At last the ship made port in September in Vancouver, British Columbia, Canada. All told, the journey from Riga had lasted six weeks. The Diamants actually had relatives in British Columbia But Canada was at war with Germany, the country that issued their passports, so they were not permitted to leave the ship.
In Seattle, the Diamants and the Fells were given the choice between settling in San Francisco or Portland. They chose the smaller city, figuring there would be more opportunities. Besides, they had looked at a map, and the Cascade Range reminded them of the Austrian Alps.
Joseph Diamant turned 40 three days after they arrived in the United States in August 1940. Evelyn contracted whooping cough while they were in Seattle, so she was housebound at the boarding house they were sent to in Portland. Every day she looked longingly at the children playing across the street. She could hardly wait to join them. When she was declared well enough to go out, she ran across to play — and could not understand one word the other children were saying.
“Mommy,” she yelled to her mother, in German, “I don’t understand anything.”
In German, Fritzi yelled back, “I don’t either.”
But Evie picked up her new language quickly, and soon enrolled at the Fruit & Flower preschool, then located in downtown Portland. Even before Joseph could find work, Fritzi landed a job as a seamstress at the precursor to White Stag sportswear, Hirsch-Weis. As a refugee, Fritzi earned $9 a week, three dollars less than non-refugee employees. Evie remembers that her first “new” clothes in the U.S. were actually used clothes provided by a service agency from Portland’s First Christian Church.
Soon enough, Joseph began working — first as a janitor and then as a service station attendant. His entrepreneurial spirit took hold, and he decided to try to open his own service station. He contacted Texaco and learned that a new station was planned at the corner of Southeast 17th Avenue and Holgate Street. Despite his poor English — and his equally pitiful ignorance about cars and trucks — Joseph jumped at the offer to lease the station and manage it.
“So here’s my dad, who’s never fixed a flat tire in his life, and never did anything with a car, all of a sudden fixing flats, changing oil, doing all these things in the service station,” Evelyn told OJMCHE.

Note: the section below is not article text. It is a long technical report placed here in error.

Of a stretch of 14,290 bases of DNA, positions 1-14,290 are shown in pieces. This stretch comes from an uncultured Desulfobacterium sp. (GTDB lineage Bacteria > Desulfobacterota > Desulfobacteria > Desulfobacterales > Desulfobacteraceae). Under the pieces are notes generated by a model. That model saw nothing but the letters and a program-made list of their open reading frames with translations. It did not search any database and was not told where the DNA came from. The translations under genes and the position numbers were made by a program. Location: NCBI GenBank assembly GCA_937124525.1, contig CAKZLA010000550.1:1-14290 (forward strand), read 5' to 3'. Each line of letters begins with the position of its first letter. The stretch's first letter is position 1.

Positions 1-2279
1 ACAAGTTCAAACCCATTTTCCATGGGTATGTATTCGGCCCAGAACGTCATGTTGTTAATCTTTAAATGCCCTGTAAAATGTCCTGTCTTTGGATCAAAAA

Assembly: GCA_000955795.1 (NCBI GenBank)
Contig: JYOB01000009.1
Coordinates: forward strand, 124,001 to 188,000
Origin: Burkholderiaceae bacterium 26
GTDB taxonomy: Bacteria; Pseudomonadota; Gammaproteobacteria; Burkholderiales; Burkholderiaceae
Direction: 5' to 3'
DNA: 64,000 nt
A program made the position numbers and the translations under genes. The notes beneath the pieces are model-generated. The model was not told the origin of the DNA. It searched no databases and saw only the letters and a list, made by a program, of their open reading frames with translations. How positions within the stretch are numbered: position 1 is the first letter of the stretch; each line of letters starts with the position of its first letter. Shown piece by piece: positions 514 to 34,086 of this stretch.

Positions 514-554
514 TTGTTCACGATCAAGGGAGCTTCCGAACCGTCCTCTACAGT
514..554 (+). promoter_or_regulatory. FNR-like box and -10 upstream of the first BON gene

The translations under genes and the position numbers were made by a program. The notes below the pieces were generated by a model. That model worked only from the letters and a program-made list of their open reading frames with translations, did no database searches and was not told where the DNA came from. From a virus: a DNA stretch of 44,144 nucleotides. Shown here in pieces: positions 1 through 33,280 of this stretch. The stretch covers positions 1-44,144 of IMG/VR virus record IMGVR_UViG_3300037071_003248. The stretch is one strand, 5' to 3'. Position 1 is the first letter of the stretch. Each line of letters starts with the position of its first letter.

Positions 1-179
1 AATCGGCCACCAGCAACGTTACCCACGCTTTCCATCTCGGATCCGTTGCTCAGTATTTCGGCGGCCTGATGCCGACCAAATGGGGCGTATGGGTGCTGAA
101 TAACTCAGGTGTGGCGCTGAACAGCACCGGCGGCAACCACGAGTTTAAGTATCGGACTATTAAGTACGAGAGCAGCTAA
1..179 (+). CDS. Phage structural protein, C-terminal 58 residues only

Fritzi found a nearby house to rent on Reynolds Street, just off Milwaukie Avenue in Southeast Portland. Maybe two or three weeks after they moved in, people started showing up to walk through their home. When Fritzi called the agent who had rented them the house, she learned that the owners actually wanted to sell it. The Diamants took a few deep breaths. Joseph borrowed some money from a customer at the service station, and suddenly they were homeowners.
On Dec. 7, 1941, Japanese forces attacked Pearl Harbor, marking the U.S. entry into World War II. Joseph had been fighting competition from two other service stations close to his own. When the managers from those stations joined the U.S. armed forces, business at Joseph’s station expanded. He worked seven days a week, often 12 or 14 hours a day. Within six months they had paid off their loan and owned their house outright.
Evie started kindergarten at Brooklyn Elementary School. At the end of each school day she would walk to her dad’s service station and stay there until her mother got off work at 6 p.m. from Hirsch-Weis. Many evenings, the little family walked across the street to the Semaphore Restaurant for dinner. If Joseph spotted a car pulling up to his station, he would rush across to help his customer, then hurry back to finish his meal.
They had a house. They had two good jobs. Their daughter was happy in her new school. Through a customer at the Texaco station, Joseph found a new job selling automotive ignition parts — another irony, because it was much like his former job in Vienna.
“We probably had a better life than a lot of immigrants,” Evie said.
A Close Community
Perhaps because it was not large, the community of Jewish immigrants in Portland was very close, Evelyn said. They formed a group called the Friendship Club that met monthly until at least 1960. They gathered in their homes, or sometimes at the Jewish Community Center. Evie remembers parties to celebrate Purim, a festival celebrating the survival of Persian Jews in the fifth century B.C. They invited speakers to address the group, held dinners and once, Evie remembers, even performed an opera.
The families were so close that Evie referred to them as her aunts and uncles. She had left Austria too young to remember any of her biological aunts or uncles, and in any case, most had perished in the Holocaust. In the absence of a biological family, she said, they created a new kind of family.
Still, Evie knew no one outside the Friendship Club who was Jewish. In elementary school, she was the only Jewish child. She never encountered bias, but her parents decided nonetheless “it would be better if they didn’t tell people we were Jewish.”
So she had an ecumenical childhood. She attended B’nai B’rith camp, but also went to a Christian camp. She went to Bible school with her best girlfriends. Years later, when Evie finally began speaking about her family’s experience, one of her oldest friends expressed amazement.